It would be interesting to add full mark up to make <indie-action> functionality possible for a broader class of web actions, particularly if it could be integrated directly into WordPress in a more interesting manner to work with the Post Kinds Plugin or the IndieWeb PressThis type of bookmarklet functionality.

Instead of having these types of interactions injected at the bottom of the post, it may make more sense to have it display in the comment block instead.

I suspect that Facebook, Instagram, and others also enable some types of functionality, so adding the ability to use them the same way would be awesome. And even more so in the case of RSVP’s to events since Brid.gy handles those relatively well between Facebook and WordPress sites. (See this example.)

Try it yourself

Go ahead and use the buttons below to interact with this post via Twitter.

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👓 Content, bloat, privacy, archives | Peter Molnar

Read Content, bloat, privacy, archives by Peter MolnarPeter Molnar (petermolnar.net)
I spent a lot of time trying centralising my online activities, including adding bookmarks and imports from social networks. Lately my site looked bloated and unmaintainable. I started questioning what data is my data, what data should or could I own - it was time to rethink some ideas.

Peter has some solid thoughts here on some subtle uses of things including likes, favorites, and bookmarks. I particularly like the way he separates out and describes the “vote” intent of likes on various platforms.

Somewhat like him, I’m bookmarking things I’d like to read privately on the back end of my site, and then only selectively posting them as read posts when I’ve done that. Archiving them to the Internet Archive has been useful for cutting down on the data I’m keeping, but saving them does allow me to browse through my commonplace book frequently when I need to find something and couldn’t find it otherwise.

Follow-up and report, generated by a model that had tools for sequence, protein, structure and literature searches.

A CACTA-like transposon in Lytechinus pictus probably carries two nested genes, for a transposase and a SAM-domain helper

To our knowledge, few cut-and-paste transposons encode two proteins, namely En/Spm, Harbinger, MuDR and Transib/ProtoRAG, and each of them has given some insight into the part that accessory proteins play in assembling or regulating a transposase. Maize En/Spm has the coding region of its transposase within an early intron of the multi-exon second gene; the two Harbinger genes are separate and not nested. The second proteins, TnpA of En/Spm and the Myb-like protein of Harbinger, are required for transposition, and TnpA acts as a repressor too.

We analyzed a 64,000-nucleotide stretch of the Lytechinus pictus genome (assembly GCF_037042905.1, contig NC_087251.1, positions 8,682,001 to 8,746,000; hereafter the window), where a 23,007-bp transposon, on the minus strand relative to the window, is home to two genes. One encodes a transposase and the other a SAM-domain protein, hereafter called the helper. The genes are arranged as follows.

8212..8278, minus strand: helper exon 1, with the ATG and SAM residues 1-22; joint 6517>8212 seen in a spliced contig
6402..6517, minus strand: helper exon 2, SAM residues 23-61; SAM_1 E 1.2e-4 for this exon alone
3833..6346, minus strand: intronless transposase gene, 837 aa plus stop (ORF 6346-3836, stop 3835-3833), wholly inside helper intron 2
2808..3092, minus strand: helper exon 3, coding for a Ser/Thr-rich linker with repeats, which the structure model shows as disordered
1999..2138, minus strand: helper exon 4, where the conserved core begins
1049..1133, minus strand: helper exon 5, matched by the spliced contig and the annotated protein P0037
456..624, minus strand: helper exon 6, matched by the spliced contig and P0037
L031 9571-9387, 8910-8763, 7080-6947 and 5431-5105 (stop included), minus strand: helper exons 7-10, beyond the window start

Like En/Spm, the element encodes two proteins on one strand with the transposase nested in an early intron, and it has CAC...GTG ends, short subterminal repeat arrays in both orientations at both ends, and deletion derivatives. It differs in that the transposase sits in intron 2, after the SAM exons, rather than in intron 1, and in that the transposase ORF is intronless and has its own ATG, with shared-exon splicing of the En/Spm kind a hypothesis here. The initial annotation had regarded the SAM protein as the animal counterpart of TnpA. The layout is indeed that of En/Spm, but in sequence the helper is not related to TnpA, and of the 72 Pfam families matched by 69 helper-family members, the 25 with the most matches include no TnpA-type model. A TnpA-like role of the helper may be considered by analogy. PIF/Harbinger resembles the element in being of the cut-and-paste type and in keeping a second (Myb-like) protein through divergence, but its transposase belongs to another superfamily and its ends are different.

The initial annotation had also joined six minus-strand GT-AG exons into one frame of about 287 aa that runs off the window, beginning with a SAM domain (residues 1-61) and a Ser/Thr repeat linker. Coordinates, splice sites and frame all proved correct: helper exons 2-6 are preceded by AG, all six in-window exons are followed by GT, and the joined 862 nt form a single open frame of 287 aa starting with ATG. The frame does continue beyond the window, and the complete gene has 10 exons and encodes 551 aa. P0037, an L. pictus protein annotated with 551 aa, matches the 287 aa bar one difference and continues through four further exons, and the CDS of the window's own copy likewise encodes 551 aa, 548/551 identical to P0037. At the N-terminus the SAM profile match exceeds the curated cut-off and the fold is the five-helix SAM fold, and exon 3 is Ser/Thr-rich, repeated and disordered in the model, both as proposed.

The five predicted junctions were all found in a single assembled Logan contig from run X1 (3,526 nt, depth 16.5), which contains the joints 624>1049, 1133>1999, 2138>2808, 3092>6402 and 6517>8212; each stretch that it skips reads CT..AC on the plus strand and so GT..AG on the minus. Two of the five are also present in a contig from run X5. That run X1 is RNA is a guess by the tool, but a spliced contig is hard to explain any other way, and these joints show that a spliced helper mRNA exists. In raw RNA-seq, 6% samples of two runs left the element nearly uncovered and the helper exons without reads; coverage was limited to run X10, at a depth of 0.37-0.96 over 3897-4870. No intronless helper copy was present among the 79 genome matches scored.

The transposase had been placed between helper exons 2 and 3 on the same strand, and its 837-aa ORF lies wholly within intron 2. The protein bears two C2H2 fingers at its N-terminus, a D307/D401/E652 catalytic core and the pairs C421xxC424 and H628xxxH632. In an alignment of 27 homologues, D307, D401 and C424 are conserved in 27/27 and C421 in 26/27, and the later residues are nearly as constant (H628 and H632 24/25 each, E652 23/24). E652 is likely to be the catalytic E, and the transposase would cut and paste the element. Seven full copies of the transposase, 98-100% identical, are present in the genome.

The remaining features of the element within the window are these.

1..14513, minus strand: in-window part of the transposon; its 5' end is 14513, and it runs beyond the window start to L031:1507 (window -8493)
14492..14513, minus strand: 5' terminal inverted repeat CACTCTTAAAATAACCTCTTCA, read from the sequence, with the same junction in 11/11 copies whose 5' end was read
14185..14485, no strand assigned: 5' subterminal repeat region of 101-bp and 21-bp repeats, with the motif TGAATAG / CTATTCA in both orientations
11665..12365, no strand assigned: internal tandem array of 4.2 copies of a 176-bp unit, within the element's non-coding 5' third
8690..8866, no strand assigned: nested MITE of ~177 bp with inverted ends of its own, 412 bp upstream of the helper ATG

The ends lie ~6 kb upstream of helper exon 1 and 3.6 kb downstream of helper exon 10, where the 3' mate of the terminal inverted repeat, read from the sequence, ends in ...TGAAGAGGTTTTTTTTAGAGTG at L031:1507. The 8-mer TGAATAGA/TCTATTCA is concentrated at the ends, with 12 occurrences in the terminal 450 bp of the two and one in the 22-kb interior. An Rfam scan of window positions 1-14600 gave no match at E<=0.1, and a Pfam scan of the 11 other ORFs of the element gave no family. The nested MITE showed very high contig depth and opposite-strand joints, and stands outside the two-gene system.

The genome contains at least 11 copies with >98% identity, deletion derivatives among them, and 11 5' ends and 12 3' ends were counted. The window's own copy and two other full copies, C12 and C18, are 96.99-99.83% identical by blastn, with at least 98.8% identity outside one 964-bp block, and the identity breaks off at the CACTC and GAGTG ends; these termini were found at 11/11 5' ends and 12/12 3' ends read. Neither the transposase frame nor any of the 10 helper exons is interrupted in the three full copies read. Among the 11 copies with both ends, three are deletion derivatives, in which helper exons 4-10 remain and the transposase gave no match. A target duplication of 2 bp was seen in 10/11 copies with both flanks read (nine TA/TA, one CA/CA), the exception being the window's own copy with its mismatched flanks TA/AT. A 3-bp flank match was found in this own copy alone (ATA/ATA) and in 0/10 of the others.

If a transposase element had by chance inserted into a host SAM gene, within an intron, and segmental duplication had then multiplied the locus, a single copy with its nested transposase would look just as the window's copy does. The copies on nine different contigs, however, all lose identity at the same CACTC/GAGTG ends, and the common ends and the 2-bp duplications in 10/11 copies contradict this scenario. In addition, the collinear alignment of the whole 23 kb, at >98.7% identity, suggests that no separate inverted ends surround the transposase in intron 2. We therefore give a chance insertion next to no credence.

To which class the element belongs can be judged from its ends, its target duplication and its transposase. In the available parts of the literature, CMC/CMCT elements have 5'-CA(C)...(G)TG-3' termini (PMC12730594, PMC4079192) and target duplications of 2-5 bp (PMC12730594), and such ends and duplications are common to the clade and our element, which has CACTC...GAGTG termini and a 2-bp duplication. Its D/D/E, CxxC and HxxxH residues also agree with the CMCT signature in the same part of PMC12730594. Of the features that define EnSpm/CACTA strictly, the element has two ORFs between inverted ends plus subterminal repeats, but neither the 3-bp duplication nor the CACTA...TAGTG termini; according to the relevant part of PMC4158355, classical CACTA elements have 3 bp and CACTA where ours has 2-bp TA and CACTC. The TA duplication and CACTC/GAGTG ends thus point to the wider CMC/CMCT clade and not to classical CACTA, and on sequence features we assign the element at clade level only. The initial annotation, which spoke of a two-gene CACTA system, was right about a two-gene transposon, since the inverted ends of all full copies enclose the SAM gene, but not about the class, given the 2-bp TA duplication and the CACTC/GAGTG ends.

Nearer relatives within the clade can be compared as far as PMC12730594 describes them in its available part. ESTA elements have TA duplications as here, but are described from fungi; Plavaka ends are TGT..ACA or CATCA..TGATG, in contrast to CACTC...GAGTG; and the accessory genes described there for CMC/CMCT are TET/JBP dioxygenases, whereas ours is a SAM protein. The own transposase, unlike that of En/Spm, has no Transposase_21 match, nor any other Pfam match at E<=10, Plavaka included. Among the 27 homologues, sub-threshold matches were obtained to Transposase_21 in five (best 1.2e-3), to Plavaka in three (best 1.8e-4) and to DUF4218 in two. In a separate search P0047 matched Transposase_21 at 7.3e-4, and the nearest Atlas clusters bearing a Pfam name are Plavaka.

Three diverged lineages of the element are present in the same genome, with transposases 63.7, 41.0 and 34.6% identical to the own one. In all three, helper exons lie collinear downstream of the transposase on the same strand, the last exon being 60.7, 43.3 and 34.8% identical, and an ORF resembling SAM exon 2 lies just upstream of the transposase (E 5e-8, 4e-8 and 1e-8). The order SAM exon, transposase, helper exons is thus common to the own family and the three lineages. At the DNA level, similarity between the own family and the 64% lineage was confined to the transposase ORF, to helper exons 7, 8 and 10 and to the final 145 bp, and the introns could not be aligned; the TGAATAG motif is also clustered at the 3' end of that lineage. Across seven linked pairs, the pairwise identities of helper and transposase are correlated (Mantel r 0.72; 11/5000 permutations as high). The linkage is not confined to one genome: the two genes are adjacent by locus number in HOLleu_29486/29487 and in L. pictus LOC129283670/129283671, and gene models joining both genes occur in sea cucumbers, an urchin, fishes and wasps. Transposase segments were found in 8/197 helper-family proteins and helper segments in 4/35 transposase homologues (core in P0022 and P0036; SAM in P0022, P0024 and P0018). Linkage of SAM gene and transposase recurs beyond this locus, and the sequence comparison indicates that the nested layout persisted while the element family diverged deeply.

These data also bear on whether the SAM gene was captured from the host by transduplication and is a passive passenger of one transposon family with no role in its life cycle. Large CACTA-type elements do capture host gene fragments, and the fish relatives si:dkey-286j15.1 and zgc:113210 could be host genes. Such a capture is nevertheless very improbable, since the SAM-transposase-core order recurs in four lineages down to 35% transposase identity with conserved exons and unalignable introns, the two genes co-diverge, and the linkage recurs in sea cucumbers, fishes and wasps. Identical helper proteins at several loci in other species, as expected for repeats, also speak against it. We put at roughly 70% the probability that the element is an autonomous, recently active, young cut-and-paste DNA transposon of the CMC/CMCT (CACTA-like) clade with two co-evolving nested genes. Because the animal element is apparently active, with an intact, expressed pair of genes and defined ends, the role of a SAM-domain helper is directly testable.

Some of this reminds me of the way I use the “star” functionality on Twitter (I still think of it as a star and not a heart). I don’t typically use it to mean anything in particular on Twitter itself. Instead I’m using that functionality in conjunction with an IFTTT recipe to bookmark things I’d like to read later. So in a larger sense, I’m using Twitter as a headline feed reader and marking all the things I’d like to come back and read at a later time.

Once in a blue moon, during a chat with others on Twitter, I may use the heart as an indicator to the other party that I’ve seen/read their post, particularly when I don’t intend to reply to the last in a chain of conversation. This type of ephemera or digital exhaust generally isn’t something I find useful for keeping in the long term, so like Peter I typically don’t keep/archive them on my site.

For those who haven’t read them yet, Sebastiaan Andewe has a recent article covering similar ground: Thinking about bookmarks and likes on the IndieWeb.

I find these discussions useful for thinking through what I’m doing on my own site and refining how I use it as well.​​​​

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Chris Aldrich is reading “Maybe the Internet Isn’t a Fantastic Tool for Democracy After All”

Read Maybe the Internet Isn’t a Fantastic Tool for Democracy After All by Max Read (Select All)
Fake news is the easiest of the problems to fix.

…a new set of ways to report and share news could arise: a social network where the sources of articles were highlighted rather than the users sharing them. A platform that makes it easier to read a full story than to share one unread. A news feed that provides alternative sources and analysis beneath every shared article.

This sounds like the kind of platforms I’d like to have. Reminiscent of some of the discussion at the beginning of This Week in Google: episode 379 Ixnay on the Eet-tway.

I suspect that some of the recent coverage of “fake news” and how it’s being shared on social media has prompted me to begin using Reading.am, a bookmarking-esqe service that commands that users to:

Share what you’re reading. Not what you like. Not what you find interesting. Just what you’re reading.

Naturally, in IndieWeb fashion, I’m also posting these read articles to my site. While bookmarks are things that I would implicitly like to read in the near future (rather than “Christmas ornaments” I want to impress people with on my “social media Christmas tree”), there’s a big difference between them and things that I’ve actually read through and thought about.